A quick look at Quickemu

I have already blogged in the past about kvm/qemu.

Using the “Virtual Machine Manager” might not be straightforward initially. I’ve heard about Quickemu, which has this goal:

Quickly create and run optimised Windows, macOS and Linux desktop virtual machines.

In this blog post, I’m describing my experience with quickemu in Arch. The package is available from AUR:

And you also need the package for Qemu desktop mechanisms:

Then, you use the program “quickget” to get the ISO of one of the many distributions handled by quickemu. Let’s run it without arguments:

Let’s try Zorin:

We also need to specify its version:

Now, it starts downloading into the current directory, creating a subdirectory. For example, I’m running that from a mounted drive. Here’s some output and some commands to show the layout of the directories and the created configuration file to start the virtual machine with the mounted ISO:

Let’s start it:

Note the layout after starting the machine:

Thus, it should be easy to put it on an external drive

Here’s the machine starting with the live ISO:

I pressed Ctrl+C to cancel md5sum checks.

Here’s Zorin starting (audio is working):

The screen had resized automatically and became bigger.

I started the installation, mainly choosing default options (e.g., erase the entire disk). And here’s the login screen after the installation finished and the machine rebooted:

The impressive thing is that animations are really fluid and smooth in the virtual machine: you almost don’t realize you’re using a virtual machine:

Here’s the disk layout and memory (on this computer, I have 16 GB, and quickemu automatically selected half the memory for the virtual machine):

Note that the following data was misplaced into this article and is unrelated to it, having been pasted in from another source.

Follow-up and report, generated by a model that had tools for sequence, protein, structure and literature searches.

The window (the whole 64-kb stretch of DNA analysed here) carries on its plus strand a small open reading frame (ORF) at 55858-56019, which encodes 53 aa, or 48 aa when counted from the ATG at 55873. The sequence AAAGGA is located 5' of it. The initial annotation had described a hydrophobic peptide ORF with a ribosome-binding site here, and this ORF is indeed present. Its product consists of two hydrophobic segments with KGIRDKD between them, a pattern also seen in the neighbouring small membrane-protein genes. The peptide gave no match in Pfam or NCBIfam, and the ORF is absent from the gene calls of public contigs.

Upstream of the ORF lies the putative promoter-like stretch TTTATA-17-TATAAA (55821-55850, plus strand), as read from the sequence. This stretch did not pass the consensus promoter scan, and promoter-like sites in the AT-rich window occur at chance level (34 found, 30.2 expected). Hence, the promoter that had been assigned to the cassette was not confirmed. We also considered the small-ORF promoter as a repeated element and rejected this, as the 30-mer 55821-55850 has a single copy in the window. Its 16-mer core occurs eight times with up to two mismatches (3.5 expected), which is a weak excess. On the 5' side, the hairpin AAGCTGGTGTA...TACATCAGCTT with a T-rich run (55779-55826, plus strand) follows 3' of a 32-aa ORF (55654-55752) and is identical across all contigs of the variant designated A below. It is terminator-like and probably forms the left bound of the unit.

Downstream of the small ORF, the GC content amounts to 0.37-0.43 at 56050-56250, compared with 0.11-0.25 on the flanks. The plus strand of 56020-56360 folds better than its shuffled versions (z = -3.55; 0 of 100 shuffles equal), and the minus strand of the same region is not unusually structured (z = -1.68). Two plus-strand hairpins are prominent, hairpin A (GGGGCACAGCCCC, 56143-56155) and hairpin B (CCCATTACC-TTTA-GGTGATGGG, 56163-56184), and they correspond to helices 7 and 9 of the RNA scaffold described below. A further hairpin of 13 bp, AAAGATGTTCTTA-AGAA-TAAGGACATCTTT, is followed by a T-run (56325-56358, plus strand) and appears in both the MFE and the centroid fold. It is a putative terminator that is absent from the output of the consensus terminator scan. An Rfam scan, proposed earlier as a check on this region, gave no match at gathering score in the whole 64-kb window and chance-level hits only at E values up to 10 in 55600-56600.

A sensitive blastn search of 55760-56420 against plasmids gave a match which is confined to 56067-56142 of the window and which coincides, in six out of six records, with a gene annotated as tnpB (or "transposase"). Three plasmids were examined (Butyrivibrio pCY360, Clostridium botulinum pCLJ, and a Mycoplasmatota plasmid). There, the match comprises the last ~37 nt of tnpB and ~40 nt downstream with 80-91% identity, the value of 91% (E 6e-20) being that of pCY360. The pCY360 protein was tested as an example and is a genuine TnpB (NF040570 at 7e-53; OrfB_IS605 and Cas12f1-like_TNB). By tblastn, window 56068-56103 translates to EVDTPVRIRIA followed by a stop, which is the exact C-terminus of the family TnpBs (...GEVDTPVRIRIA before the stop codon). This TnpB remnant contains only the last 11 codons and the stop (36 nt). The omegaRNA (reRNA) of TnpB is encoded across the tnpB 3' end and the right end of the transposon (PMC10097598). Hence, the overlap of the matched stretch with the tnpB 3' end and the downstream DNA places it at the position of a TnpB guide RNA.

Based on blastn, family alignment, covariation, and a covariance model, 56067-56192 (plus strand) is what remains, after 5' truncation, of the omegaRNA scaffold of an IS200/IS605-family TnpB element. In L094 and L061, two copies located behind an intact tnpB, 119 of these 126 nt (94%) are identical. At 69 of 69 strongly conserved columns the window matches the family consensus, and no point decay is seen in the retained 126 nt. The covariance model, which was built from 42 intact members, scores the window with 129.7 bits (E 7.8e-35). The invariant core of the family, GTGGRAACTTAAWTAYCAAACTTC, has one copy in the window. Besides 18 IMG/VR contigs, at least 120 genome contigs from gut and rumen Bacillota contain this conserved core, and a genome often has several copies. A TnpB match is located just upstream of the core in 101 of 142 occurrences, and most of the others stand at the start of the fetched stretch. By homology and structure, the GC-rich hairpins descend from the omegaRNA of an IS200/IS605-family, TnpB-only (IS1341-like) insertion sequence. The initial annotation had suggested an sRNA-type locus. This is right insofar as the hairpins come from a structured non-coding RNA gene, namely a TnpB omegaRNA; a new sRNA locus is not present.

Then, I tried Garuda:

I tried the “Garuda KDE Dr460nized”:

I edited the conf file to increase the disk size:

Let’s start it:

Even in this case, the desktop automatically resizes if I resize the Qemu window.

The installation went smoothly and fast in this case. The login screen is full of nice blurry effects:

On the first login, you’re welcomed by the Garuda assistant to perform some initial tasks.

Here’s the information about the installed system:

Animations and effects are smooth, e.g., the “Overview”:

To summarize, with quickemu, creating a new Qemu virtual machine is easy, starting from one of the many managed Linux distributions. It also works for macOS and Windows distributions, though I haven’t tried them.

Moreover, the performance of the virtual machine is fantastic. The virtual machine seems as smooth as the currently running system.

The only drawback I’ve experienced is that, with the default configuration, the shared clipboard does not work: you must start the virtual machine with the spice display (” –display spice”). For example,

Remember to install the spice agent in the virtual machine. In the two above examples I’ve tried, the installed virtual machine already has the agent installed automatically during the installation.

First, at least in my experiments, the shared clipboard does not work anyway when the host is running on a Wayland session. Moreover, using the “spice” display, the virtual machine’s performance decreases significantly (see my reported issue: https://github.com/quickemu-project/quickemu/issues/933). Probably, to easily communicate and paste commands in the virtual machine, it is better to install the SSH server in the virtual machine and connect to the virtual machine via SSH.

In any case, this quick look at Quickemu impressed me a lot. 🙂

One thought on “A quick look at Quickemu

  1. Pingback: Getting Started with Gnome Boxes | Lorenzo Bettini

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